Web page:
Forum editorial: Bob Berg earns roses for smiles
PRAIRIE ROSES: To Bob Berg, a resident of Minnesota's Otter Tail County, who has done more than his share to put smiles on the faces of children facing trauma from things like fire, illness or automobile crashes. Bob has delivered countless packa...
PRAIRIE ROSES: To Bob Berg, a resident of Minnesota's Otter Tail County, who has done more than his share to put smiles on the faces of children facing trauma from things like fire, illness or automobile crashes. Bob has delivered countless packages throughout the Red River Valley as a driver for United Parcel Service for the past 20 years, but it's what he does in his free time that sets him apart. He delivers comfort to kids in the form of stuffed animals and other toys. He started collecting the toys last spring, gathering more than 6,000. He began distributing them over the summer. So far, 81 communities in Minnesota, North Dakota and South Dakota have received toys. Many of the toys were donated by people in the Hankinson and Fairmount areas of North Dakota, where Berg does most of his driving for UPS these days. The cuddly items often are given to kids who are injured or whose families are experiencing a crisis. Berg doesn't plan any more toy drives at the moment, but he says he hopes others will pick up where he left off.
PRAIRIE ROSES: To Fargo's Myron Bright, the 8th U.S. Circuit Court of Appeals judge who is still dispensing justice at the age of 84. Bright, who has presided over more than 6,000 cases in 35 years as a federal judge, was appointed to the bench by President Lyndon Johnson in April 1968 at the height of the Vietnam War. He took senior status in 1985 but still maintains a steady workload and says he has no plans to put down the gavel as long as his health is good. Bright, who has a host of friends and admirers, tends to be a friend of the little guy and has had a role in shaping some of the nation's job discrimination laws, environmental laws and prisoner rights. A University of Minnesota Law School graduate, Bright spent most of 20 years at the Vogel Law Firm in Fargo before becoming a federal judge. Mart Vogel, the law firm's 92-year-old patriarch, calls Bright one of the best lawyers the firm ever had. We congratulate Judge Bright for his 35 years of service and hope he has many more.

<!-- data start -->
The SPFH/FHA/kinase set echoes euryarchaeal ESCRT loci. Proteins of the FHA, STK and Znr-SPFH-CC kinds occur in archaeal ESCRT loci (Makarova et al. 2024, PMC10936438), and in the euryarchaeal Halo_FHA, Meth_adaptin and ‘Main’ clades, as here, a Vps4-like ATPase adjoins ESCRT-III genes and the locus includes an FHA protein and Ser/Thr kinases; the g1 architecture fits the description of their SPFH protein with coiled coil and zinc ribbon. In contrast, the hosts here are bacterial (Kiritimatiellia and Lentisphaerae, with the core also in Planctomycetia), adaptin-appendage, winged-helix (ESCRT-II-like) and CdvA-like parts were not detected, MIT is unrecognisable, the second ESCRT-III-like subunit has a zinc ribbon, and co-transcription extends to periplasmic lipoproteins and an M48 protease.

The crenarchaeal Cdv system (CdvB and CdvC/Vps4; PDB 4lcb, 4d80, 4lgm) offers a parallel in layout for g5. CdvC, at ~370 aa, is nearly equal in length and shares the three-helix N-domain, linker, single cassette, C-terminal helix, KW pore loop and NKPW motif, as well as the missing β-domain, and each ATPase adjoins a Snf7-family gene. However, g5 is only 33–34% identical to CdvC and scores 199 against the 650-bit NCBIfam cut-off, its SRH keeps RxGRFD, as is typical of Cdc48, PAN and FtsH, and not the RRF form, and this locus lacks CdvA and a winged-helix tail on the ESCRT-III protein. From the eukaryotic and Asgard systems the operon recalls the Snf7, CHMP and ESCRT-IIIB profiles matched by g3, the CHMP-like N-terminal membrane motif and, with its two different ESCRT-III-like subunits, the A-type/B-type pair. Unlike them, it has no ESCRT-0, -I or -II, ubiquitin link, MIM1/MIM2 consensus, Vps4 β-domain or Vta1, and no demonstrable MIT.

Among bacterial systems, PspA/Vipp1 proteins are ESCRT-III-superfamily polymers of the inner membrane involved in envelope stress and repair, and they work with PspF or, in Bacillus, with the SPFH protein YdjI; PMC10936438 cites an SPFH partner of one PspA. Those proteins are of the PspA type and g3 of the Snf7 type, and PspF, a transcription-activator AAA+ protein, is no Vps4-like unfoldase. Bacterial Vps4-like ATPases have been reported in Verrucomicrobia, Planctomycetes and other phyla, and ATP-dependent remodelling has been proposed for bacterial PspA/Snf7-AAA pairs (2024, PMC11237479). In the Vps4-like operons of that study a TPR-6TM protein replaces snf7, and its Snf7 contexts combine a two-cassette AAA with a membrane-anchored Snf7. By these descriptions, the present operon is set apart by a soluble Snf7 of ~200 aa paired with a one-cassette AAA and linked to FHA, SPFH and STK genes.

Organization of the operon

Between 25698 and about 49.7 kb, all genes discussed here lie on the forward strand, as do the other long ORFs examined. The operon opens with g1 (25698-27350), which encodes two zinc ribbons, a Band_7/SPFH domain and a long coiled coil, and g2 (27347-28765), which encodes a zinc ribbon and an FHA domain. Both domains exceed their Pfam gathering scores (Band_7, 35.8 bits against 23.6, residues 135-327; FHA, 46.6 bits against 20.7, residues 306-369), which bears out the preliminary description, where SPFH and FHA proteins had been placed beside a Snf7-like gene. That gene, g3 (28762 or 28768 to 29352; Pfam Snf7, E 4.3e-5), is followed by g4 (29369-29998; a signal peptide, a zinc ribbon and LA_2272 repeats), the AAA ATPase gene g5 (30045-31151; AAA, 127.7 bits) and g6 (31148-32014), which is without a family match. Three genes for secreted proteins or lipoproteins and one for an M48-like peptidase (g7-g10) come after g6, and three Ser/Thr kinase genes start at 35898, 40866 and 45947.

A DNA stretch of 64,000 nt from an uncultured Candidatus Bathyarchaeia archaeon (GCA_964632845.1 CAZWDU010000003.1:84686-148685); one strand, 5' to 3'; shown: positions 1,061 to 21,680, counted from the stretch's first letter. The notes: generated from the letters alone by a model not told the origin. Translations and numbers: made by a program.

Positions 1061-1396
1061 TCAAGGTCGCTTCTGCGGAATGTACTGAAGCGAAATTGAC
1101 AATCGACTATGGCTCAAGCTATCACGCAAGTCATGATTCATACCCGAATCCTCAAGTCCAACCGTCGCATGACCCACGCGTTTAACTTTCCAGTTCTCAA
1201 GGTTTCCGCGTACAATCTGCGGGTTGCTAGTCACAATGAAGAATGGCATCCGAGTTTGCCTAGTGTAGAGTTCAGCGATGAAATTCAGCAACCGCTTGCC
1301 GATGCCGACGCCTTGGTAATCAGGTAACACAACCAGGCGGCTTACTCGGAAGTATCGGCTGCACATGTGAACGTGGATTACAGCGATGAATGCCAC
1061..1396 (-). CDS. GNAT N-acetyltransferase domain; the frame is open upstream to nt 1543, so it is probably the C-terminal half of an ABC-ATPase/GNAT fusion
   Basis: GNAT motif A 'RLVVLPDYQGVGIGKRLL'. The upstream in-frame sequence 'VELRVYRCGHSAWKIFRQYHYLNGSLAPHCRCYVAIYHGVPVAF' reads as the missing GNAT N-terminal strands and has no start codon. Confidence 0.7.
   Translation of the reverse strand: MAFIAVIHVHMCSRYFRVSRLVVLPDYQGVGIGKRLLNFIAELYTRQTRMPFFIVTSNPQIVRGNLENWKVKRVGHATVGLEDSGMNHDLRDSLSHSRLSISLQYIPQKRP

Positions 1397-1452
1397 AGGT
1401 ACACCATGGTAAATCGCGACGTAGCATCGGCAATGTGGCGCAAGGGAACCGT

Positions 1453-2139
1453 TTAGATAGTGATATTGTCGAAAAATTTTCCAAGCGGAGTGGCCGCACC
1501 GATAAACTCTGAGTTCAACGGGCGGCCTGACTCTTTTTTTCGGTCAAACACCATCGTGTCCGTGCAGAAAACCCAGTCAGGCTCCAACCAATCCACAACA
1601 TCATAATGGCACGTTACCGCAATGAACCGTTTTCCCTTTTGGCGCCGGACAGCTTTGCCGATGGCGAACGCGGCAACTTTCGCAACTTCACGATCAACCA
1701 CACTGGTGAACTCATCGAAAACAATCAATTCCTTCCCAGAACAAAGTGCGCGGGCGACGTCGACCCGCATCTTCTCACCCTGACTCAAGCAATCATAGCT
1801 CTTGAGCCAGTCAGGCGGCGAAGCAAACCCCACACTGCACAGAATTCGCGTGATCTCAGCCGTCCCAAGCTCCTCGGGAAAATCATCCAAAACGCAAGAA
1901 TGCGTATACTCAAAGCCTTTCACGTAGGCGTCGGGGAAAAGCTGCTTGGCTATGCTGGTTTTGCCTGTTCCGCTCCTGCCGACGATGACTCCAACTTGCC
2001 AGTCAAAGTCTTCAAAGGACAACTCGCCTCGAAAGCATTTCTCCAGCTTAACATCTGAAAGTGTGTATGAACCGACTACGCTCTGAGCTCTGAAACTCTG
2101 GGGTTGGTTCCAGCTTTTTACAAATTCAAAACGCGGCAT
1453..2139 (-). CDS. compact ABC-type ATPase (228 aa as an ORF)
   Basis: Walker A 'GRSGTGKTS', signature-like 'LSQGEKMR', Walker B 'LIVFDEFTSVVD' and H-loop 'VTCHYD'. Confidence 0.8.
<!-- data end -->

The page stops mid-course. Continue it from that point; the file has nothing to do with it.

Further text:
LEAFY SPURGE: To the two men who Moorhead police arrested and charged with placing a traffic sign across railroad tracks in downtown Moorhead last week. Police booked 24-year-old Roar M. Rommesmo of Fargo and 28-year-old David R. Jones of West Fargo on gross misdemeanor charges for placing an obstruction on a railroad track creating a risk of injury, accident or derailment. Not very smart.
LEAFY SPURGE: To a Fosston, Minn., truck driver who caused the shutdown of an eight-mile stretch of Interstate 29 in western Iowa on the second anniversary of the Sept. 11 terrorist attacks. Driver Alexey Artemenko, 34, stopped at a weigh station and said he had an explosive in his truck and was going to detonate it. Then he said he was kidding. That got him charged with making a false report, a felony, and he ended up in the Woodbury (Iowa) County Jail. We wonder how long Artemenko will keep his job with S.A.U. Express Inc., of Blaine, Minn. We suspect he may already be looking for work.
PRAIRIE ROSES: to John and Julie Dyste, who have broken ground on a 9,650-square-foot grocery store in Hankinson, N.D. Work on Dyste's Food Pride began in August and is expected to be completed by Dec. 1, provided the weather cooperates. The Dystes own the Hankinson Jack and Jill grocery store, and stores in Forman, Milnor and Lidgerwood, N.D. A fourth-generation grocer, John Dyste's family has been in the grocery business since 1884. We wish the Dystes well in their latest venture.
Forum editorials represent the opinion of Forum management and the newspaper's Editorial Board